Re: Anarcho-Capitalism Stability
Mon, 24 Feb 1997 22:35:43 -0500 (EST)

In a message dated 2/24/97 9:13:59 PM, Robin Hanson explained that when he

>[The] biggest law would seem to have a lower monitoring/patroling cost,

he spoke

>just about patroling, not all the other law functions.

Point well taken. Two points in response:

1) Legal systems do much, much more than merely patrol. They legislate and
interpret and adjudicate and hector and . . . . Moreover, very few Mafioso
claim the right to patrol *all* aspects of behavior. The Mafia, famously,
co-exists with the Church. Similarly, even if purely private legal systems
enjoy such economies of scale that they can effectively control particular
geographic areas, they will not necessarily quash legal diversity. Examples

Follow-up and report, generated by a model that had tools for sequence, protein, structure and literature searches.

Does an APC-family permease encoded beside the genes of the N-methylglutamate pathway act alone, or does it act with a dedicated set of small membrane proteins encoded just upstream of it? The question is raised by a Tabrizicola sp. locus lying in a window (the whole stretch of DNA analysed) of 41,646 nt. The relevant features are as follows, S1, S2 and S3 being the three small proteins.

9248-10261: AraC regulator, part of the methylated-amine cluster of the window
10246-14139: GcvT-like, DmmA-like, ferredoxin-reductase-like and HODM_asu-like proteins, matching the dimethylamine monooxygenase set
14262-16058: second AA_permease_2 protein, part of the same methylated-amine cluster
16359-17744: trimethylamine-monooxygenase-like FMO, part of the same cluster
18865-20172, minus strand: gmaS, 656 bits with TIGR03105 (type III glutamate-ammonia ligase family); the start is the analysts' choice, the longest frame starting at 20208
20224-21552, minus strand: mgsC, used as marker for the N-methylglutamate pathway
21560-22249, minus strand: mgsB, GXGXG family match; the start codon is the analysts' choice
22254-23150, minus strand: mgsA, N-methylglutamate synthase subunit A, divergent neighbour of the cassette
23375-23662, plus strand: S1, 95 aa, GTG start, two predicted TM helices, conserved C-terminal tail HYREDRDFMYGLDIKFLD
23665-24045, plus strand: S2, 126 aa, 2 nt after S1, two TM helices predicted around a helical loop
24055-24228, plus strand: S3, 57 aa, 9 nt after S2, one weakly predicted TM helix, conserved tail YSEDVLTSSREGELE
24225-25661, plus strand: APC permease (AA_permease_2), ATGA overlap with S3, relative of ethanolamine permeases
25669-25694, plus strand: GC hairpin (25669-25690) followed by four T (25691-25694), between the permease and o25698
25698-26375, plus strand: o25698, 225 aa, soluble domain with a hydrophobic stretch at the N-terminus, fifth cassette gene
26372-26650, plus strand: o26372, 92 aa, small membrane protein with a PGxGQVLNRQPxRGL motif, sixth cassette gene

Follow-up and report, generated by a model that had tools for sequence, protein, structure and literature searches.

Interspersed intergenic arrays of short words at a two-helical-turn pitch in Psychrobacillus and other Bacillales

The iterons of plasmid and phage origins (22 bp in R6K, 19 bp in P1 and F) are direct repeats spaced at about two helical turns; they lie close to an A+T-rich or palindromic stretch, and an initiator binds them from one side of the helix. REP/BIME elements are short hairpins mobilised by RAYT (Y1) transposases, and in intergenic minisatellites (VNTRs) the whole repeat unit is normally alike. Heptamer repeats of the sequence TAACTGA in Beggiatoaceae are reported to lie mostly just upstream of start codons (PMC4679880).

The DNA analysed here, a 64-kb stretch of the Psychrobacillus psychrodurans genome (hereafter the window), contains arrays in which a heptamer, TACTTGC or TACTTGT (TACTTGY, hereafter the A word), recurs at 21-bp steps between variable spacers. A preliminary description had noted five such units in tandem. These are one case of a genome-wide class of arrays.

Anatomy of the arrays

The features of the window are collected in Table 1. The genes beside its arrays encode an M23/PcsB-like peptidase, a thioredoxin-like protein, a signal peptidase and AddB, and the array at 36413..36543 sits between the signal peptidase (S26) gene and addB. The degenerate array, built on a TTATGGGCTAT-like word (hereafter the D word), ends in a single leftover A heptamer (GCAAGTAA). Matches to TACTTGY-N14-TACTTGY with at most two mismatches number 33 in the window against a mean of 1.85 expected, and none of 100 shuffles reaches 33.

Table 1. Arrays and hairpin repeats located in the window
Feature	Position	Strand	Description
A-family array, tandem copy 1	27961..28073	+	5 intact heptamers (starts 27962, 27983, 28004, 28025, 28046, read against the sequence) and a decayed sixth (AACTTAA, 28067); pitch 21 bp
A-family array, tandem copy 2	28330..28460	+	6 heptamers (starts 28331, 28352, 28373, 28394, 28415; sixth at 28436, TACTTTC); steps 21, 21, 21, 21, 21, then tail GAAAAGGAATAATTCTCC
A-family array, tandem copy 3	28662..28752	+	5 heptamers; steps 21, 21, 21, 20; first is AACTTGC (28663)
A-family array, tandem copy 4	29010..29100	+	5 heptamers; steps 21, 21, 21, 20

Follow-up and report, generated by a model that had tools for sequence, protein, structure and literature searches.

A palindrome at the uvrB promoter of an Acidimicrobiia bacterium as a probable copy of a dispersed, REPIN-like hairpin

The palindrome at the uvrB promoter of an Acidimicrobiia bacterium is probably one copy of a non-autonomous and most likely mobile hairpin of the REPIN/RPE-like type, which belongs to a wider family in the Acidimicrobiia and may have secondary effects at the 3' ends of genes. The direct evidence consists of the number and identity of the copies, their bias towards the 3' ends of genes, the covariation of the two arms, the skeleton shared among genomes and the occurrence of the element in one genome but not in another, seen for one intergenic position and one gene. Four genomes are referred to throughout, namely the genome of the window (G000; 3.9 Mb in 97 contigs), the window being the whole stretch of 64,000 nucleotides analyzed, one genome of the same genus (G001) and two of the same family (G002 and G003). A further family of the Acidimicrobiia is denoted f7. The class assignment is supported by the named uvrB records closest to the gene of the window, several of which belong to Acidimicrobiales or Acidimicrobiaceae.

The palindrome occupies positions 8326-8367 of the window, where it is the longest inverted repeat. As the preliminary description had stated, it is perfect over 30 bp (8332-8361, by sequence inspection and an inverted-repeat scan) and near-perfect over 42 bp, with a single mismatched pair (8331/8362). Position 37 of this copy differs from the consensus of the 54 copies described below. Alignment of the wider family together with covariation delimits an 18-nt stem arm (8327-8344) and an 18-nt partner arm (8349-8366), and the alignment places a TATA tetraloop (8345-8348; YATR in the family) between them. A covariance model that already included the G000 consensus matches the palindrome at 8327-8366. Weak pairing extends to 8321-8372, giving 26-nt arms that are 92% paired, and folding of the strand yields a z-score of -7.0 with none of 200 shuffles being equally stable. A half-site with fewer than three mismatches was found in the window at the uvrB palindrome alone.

from current US law illuminate the point; statists claim exclusive authority
over the same behavior that concerns the Mafioso (and, note, do so rather
ineffectually), yet purely private and customary legal systems thrive. And,
yes, these alternative systems do their own patrolling. See, eg, any home
owner's association.

2) Why do we care so much who patrols, anyhow, so long as we enjoy diverse
sources of law and freedom of exit? If monopoly scares you, you won't like
*any* aspect of the free market! After all, my local 7-11 enjoys a natural
monopoly (and we've been using natural monopoly arguments here, you know)
over a several-block area, which will only support one such convenience
store. In other words, what you call "monopoly" relies crucially on how you
define the relevant market.

For what it's worth, I expect a polycentric legal order would give rise to a
mix of overlapping and exclusive legal systems. The provision of criminal
law (tort, really) may well get bundled with private communities, and thus
apply uniformly to particular geographic locations. Other types of laws (and
enforcement mechanisms) will probably not (eg, commercial law, church law,

T.0. Morrow